Government schools in Canberra's north are more likely to be short for space, while deep in the city's south schools are running well below capacity, an annual census of ACT schools shows.
The number of school students in the ACT has continued to expand with the territory's population, with 78,752 students enrolled, up 2.10 per cent from last year.
Growth has been strongest in independent schools, with enrolments up 2.55 per cent. Government schools saw increases of 2.51 per cent.
Catholic sector growth has been slower, with enrolments only increasing by 0.23 per cent overall.
A spokesman for the education directorate said the ACT government expected enrolments to grow about 3 per cent every year for the next decade, with urban infill programs driving growth in established schools.
Lyneham High School is the only school in the ACT to be oversubscribed, with 101 per cent of places filled. The census showed 1101 students enrolled.
Twelve schools operate are more than 90 per cent full, down from 15 schools in 2018.
Canberra College, with 976 students enrolled, is operating at 96 per cent capacity. Canberra College Cares, which shares the same site, is running at 77 per cent capacity.
In the city's south, Gilmore Primary School, which had 110 full-time students in 2019, is the second least-subscribed school in the ACT. It is running at 35 per cent capacity.
At its peak, the Tuggeranong school had more than 800 students between kindergarten and year 6 but as Canberra's young population has shifted to the north, enrolment levels have fallen.
Only Margaret Hendry School, which opened in Taylor earlier this year, is running at a lower capacity in the ACT, at 24 per cent.
Six of the 10 schools running at the lowest capacity are located in Tuggeranong.
The executive director of the Association of Independent Schools of the ACT, Andrew Wrigley, said the sector was "delighted parents are choosing independent".
"There is great education in all sectors. But my position has always been that parents should be active in the choice of school," he said.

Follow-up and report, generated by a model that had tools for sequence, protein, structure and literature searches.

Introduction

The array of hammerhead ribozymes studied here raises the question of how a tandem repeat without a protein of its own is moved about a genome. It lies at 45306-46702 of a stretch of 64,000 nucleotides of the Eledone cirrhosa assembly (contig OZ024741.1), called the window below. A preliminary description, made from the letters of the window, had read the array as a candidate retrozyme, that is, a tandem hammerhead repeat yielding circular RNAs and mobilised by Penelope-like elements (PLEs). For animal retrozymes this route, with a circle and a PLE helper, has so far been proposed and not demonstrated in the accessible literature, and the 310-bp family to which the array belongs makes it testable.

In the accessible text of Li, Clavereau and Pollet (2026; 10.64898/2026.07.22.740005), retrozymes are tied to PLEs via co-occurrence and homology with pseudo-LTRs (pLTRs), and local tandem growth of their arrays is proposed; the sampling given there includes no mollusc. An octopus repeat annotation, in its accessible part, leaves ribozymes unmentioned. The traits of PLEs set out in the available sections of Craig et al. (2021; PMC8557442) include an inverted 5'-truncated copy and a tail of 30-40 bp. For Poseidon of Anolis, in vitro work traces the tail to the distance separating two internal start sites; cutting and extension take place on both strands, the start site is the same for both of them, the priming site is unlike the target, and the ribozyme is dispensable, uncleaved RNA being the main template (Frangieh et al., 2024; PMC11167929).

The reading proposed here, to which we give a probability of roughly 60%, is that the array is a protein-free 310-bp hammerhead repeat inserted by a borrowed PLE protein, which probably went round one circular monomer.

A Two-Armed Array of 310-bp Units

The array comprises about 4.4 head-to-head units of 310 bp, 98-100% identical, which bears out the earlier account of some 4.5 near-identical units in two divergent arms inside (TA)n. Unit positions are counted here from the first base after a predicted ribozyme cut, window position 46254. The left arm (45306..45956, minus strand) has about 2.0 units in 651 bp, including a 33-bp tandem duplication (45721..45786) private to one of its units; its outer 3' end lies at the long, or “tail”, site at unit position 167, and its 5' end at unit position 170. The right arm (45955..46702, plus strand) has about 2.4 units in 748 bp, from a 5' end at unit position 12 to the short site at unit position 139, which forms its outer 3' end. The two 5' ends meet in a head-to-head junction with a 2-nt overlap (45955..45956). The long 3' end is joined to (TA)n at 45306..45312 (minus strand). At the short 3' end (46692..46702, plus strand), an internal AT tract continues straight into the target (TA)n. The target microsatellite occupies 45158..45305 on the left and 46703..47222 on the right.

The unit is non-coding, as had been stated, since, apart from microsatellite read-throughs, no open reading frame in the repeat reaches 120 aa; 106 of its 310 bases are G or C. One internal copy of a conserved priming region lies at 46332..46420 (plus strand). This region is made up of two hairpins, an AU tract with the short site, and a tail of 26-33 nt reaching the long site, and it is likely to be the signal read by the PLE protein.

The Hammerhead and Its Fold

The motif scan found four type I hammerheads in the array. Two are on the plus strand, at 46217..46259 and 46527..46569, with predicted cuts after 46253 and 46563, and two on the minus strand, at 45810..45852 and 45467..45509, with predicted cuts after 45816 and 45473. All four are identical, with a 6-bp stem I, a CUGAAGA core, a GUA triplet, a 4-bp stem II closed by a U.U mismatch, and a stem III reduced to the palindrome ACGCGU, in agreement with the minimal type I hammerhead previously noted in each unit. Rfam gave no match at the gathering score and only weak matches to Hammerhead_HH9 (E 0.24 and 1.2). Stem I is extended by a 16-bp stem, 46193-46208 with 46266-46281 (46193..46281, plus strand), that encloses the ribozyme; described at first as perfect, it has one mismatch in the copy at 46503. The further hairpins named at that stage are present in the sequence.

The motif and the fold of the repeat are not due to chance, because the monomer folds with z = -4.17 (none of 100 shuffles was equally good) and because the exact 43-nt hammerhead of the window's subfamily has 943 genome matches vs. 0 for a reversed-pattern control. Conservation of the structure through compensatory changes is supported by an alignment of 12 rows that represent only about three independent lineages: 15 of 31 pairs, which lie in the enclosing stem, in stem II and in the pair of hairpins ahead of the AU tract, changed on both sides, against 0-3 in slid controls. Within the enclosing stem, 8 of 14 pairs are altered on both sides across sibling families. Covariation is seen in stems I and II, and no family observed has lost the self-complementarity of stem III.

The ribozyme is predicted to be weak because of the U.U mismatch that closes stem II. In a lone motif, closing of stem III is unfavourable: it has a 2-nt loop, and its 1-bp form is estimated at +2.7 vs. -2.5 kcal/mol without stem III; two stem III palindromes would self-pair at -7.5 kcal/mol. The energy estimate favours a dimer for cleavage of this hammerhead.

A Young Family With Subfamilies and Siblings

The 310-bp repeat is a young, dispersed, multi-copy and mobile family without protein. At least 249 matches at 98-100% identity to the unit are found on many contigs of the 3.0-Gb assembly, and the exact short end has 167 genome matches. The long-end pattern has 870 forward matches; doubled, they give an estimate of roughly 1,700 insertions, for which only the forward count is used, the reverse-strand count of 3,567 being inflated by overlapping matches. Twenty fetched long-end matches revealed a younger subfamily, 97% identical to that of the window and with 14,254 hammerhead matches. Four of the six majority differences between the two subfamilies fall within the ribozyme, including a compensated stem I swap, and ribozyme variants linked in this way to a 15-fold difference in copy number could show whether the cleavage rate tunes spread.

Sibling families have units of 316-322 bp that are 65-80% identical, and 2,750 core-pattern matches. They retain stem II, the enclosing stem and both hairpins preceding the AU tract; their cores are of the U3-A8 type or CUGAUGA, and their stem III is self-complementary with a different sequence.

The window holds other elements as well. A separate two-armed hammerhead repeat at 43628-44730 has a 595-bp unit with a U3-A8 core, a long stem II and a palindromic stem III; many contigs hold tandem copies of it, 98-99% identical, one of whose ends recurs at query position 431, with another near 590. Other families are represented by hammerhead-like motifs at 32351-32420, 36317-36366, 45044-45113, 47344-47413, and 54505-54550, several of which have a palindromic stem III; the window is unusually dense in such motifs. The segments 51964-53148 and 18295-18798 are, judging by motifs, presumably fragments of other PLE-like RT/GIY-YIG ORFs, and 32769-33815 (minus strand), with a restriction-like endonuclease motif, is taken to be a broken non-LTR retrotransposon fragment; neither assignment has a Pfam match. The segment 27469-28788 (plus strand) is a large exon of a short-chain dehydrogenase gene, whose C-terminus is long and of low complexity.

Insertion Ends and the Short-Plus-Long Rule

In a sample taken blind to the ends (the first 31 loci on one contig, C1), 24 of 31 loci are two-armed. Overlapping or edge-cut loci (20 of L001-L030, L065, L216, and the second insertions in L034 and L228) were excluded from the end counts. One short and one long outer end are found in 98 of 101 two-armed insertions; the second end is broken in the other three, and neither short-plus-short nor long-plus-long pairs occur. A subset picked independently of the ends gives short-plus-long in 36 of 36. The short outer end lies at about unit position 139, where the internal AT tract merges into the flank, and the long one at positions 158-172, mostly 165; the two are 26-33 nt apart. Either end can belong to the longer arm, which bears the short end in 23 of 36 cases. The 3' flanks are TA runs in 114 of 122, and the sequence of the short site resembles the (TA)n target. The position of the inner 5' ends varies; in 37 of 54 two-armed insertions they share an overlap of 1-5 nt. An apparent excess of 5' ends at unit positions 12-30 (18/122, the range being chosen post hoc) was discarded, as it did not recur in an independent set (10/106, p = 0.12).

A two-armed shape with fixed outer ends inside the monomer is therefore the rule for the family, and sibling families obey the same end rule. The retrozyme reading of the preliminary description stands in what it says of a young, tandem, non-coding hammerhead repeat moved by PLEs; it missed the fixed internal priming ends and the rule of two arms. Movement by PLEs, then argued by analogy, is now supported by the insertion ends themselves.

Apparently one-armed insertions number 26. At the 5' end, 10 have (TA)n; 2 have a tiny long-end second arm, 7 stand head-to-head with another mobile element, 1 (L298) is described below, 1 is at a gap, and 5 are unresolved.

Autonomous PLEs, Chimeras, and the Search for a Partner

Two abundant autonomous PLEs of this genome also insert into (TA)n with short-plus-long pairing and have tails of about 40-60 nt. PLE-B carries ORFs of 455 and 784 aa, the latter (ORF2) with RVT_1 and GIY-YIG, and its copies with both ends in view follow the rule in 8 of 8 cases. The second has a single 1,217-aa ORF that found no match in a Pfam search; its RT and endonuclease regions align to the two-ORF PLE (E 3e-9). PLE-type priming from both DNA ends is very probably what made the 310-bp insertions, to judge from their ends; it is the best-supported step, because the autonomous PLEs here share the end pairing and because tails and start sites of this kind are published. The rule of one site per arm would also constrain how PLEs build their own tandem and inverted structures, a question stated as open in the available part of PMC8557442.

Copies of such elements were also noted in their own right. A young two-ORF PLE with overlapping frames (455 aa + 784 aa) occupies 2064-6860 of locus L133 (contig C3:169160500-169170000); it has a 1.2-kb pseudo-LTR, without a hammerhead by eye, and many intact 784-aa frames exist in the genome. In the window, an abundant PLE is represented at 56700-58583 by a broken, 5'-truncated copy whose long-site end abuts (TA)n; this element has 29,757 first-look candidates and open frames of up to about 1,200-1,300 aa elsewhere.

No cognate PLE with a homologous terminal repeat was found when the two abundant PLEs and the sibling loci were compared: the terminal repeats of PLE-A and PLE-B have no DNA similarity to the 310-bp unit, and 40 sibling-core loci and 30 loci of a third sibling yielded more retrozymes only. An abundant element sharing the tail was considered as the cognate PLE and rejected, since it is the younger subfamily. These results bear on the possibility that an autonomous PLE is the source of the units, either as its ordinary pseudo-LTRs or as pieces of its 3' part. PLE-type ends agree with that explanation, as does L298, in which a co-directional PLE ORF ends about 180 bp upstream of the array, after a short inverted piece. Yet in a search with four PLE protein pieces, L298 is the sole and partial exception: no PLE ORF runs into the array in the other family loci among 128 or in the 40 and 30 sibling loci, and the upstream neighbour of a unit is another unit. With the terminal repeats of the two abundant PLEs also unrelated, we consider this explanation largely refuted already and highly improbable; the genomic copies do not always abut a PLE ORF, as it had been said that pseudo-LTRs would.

Mr Wrigley said the challenge for the sector was ensuring schools could manage capacity and there was interest from the sector in more land for new independent schools.
Independent schools attracted students from all over Canberra so there wasn't a consistent pattern of capacity need, Mr Wrigley said.
The census does not include capacity data for independent and Catholic schools.
ACT Council of Parents and Citizens Association president Kirsty McGovern-Hooley said small school communities were often very proud and enjoyed better access to their principals and school leadership teams.
"It goes back to that original idea of Canberra schools being small and community based. The parents would reflect they the accessibility to the principal, that they knew everybody, that they had a really great community feel in those schools," she said.
"[The parents] just felt that had been a really great advantage."
Ms McGovern-Hooley said there was opportunity to engage communities with under subscribed schools to make better use of them as community hubs, but the education directorate had overestimated the potential for growth in Canberra's south.
An education directorate spokesman said there were "strong indicators of future growth in Tuggeranong as well as in other areas where schools currently operating at lower capacities are located".
Chief Minister Andrew Barr said on Friday that there was no need for another "difficult" round of school closures. He oversaw the last round as education minister in 2006.
The director of Catholic education in Canberra and Goulburn, Ross Fox, said Catholic schools had also seen the same pattern of growth in the north and schools running below capacity in the south.
Schools running below capacity was not necessarily a bad thing and could allow more flexibility with teaching spaces, he said.
"Additional enrolments allow you to consider additional curriculum offerings and programs within your schools. We're always willing to welcome families," Mr Fox said.
"If you're not running at capacity, it does give you some flexibility with things like music rooms, learning support and other creative use of spaces - whether it's for language programs or technology maker spaces, which are very popular."
MORE EDUCATION NEWS
The sector was keen to work with the ACT government to identify more land in the city's north to cater for growing demand, he said.
Despite sluggish growth in the Catholic sector overall, Mr Fox there had been a strong vote of confidence in the sector with a 5 per cent increase in kindergarten enrolments and an 8 per cent increase in year 7 enrolments.
The education directorate said there was strong indication schools running below capacity would see growth.
"These indicators include notable increases in enrolments from 2017 through to 2019 and higher enrolments in cohorts in the entry years," a spokesman said.
"Demographics in our suburbs change over time, which has an impact on enrolments at our schools. This, along with individual family preferences, such as school locations, will differ from school to school."
Correction: A previous version of this story said wrongly that Canberra College was the ACT's most oversubscribed school, operating at 112 per cent capacity. It is operating at 96 per cent capacity. This was the result of a data-matching error.